Throwing More Resources on Projects
By Bryan P.
Has adding more resources to a project ever helped in speeding up the outcome?
I have tried to think of all the projects and products that I have worked on and I can confidently say, no, adding resources to a project has never helped the out come. Many clients or managers might think this is a viable option but in actuality there are many hidden costs that go into adding resources to a project.
The problem that is usually trying to be solved form doing this is to speed up the project delivery date. In my experience with adding resources here are the problems that I noticed:
- The delivery date is not actually sooner than the original date. By adding a developers, designers, content specialists, and even product managers to a product there is a learning curve that needs to be accounted for. The time to train these new resources takes away from the development of your product.
Bugs are introduced. This kind follows the old saying by P-diddy, “Mo money Mo Problems.” Except the money in this example would be resources. Because new resources are being added that have not been with the project from the beginning, there is a high likely hood that they will introduce bugs into the system. The time it takes to fixing these bugs instead of doing it right the first time can be a huge headache.
Consistency. Whether it is having the same voice, design, style, or functionality, by adding resources to a project you are ensuring that all of these areas will be consistently inconsistent.
Added financial cost. This can be in the form of taking resources away from another project, hiring full time resources, or just hiring contract resources. Either way the resources don’t work for free.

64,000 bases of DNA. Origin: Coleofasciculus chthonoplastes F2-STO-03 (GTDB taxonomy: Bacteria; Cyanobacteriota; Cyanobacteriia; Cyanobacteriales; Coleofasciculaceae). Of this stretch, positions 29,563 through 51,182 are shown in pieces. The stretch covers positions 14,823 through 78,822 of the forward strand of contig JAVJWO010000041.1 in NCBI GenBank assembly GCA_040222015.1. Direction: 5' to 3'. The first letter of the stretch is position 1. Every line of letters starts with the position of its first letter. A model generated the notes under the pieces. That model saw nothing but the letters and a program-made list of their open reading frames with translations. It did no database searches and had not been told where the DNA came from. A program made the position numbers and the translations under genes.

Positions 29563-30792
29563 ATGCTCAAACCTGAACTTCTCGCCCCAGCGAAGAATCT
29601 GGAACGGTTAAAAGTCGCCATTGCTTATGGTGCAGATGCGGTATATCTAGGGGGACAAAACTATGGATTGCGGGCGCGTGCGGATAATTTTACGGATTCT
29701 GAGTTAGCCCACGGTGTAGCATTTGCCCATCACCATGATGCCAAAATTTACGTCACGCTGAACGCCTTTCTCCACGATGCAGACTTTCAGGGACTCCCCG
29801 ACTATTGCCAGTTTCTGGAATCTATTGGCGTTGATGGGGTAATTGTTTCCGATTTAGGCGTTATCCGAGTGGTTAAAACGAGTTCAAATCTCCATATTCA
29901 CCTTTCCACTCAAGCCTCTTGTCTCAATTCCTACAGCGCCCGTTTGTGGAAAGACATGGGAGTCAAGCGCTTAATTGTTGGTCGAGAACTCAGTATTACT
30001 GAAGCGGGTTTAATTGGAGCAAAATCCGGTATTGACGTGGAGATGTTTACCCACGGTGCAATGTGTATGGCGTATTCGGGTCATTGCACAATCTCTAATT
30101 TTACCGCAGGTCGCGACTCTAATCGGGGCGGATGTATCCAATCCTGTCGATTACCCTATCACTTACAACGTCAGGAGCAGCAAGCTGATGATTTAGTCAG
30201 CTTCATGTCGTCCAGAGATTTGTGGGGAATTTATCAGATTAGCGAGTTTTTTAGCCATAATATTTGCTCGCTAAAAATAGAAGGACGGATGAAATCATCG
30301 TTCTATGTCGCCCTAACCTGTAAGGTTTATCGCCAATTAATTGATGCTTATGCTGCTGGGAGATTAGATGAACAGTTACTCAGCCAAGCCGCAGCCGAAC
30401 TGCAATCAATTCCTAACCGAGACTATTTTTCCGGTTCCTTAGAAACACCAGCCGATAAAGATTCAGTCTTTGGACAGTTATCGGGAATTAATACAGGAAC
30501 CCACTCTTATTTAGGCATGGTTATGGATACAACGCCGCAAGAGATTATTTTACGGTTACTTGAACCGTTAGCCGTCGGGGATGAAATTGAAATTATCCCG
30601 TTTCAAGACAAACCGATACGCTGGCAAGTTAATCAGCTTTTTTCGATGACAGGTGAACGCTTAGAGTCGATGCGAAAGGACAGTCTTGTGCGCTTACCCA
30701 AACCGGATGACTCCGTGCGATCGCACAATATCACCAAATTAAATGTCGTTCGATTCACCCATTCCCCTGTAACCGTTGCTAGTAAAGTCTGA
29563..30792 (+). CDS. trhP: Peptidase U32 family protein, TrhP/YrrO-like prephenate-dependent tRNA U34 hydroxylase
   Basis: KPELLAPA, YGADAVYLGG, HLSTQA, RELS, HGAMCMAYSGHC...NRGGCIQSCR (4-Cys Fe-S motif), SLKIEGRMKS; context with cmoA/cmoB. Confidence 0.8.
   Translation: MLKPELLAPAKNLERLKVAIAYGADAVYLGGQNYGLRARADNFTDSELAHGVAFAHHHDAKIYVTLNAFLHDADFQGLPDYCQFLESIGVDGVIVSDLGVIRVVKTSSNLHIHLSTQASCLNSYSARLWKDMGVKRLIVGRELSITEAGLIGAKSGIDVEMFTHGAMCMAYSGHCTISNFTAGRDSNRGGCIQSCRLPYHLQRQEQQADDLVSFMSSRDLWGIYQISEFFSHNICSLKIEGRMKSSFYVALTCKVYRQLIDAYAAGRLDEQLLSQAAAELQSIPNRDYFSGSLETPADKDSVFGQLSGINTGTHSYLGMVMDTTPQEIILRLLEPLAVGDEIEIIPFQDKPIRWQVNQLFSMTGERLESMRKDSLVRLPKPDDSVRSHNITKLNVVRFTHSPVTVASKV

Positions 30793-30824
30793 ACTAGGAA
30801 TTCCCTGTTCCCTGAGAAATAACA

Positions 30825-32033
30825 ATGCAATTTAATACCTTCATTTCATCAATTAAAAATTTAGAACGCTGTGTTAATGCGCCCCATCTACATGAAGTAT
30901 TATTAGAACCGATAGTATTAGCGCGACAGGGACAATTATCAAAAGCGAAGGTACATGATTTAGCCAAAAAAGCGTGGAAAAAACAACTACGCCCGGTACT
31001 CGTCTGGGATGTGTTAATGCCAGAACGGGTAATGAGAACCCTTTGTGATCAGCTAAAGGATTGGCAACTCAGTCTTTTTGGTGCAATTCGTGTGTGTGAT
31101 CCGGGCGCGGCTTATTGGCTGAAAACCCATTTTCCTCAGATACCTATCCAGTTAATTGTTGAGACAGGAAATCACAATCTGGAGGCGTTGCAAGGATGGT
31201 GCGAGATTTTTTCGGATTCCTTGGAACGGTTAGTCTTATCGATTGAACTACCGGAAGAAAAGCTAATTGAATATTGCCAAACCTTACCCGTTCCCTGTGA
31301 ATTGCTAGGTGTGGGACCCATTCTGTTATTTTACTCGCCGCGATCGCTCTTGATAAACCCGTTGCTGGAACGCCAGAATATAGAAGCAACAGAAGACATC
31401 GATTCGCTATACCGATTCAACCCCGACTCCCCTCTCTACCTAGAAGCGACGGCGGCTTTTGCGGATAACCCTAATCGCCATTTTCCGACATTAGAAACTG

Reduction of creativity. By adding more resources to the mix you limit the opportunity of letting the team come up with creative solutions for their problems. There are differing views on this topic. Some think that constraints are a catalyst for creativity and others say that when your are overworked this limits creativity. I like to think that the constraints help but that is one to decide based on the circumstance.
Now of course there are things you can do to mitigate these problems. The best is to plan ahead of time and make sure all parties agree on the delivery date. I like the planning approach the best because if you are in the startup environment you might not be able to afford to add resources. You can also make sure that there is proper documentation in place to train the added resources, which is very rare when working in a startup. An obvious solution is to only hire quality resources into a project.
I wish I could say that I have had a successful experience with too many cooks in the kitchen but I have not. Maybe I can make it work with my current project…
Bryan P. is a Product Manager working on social networking projects. You an read more from Bryan on his blog, the Irrational PM.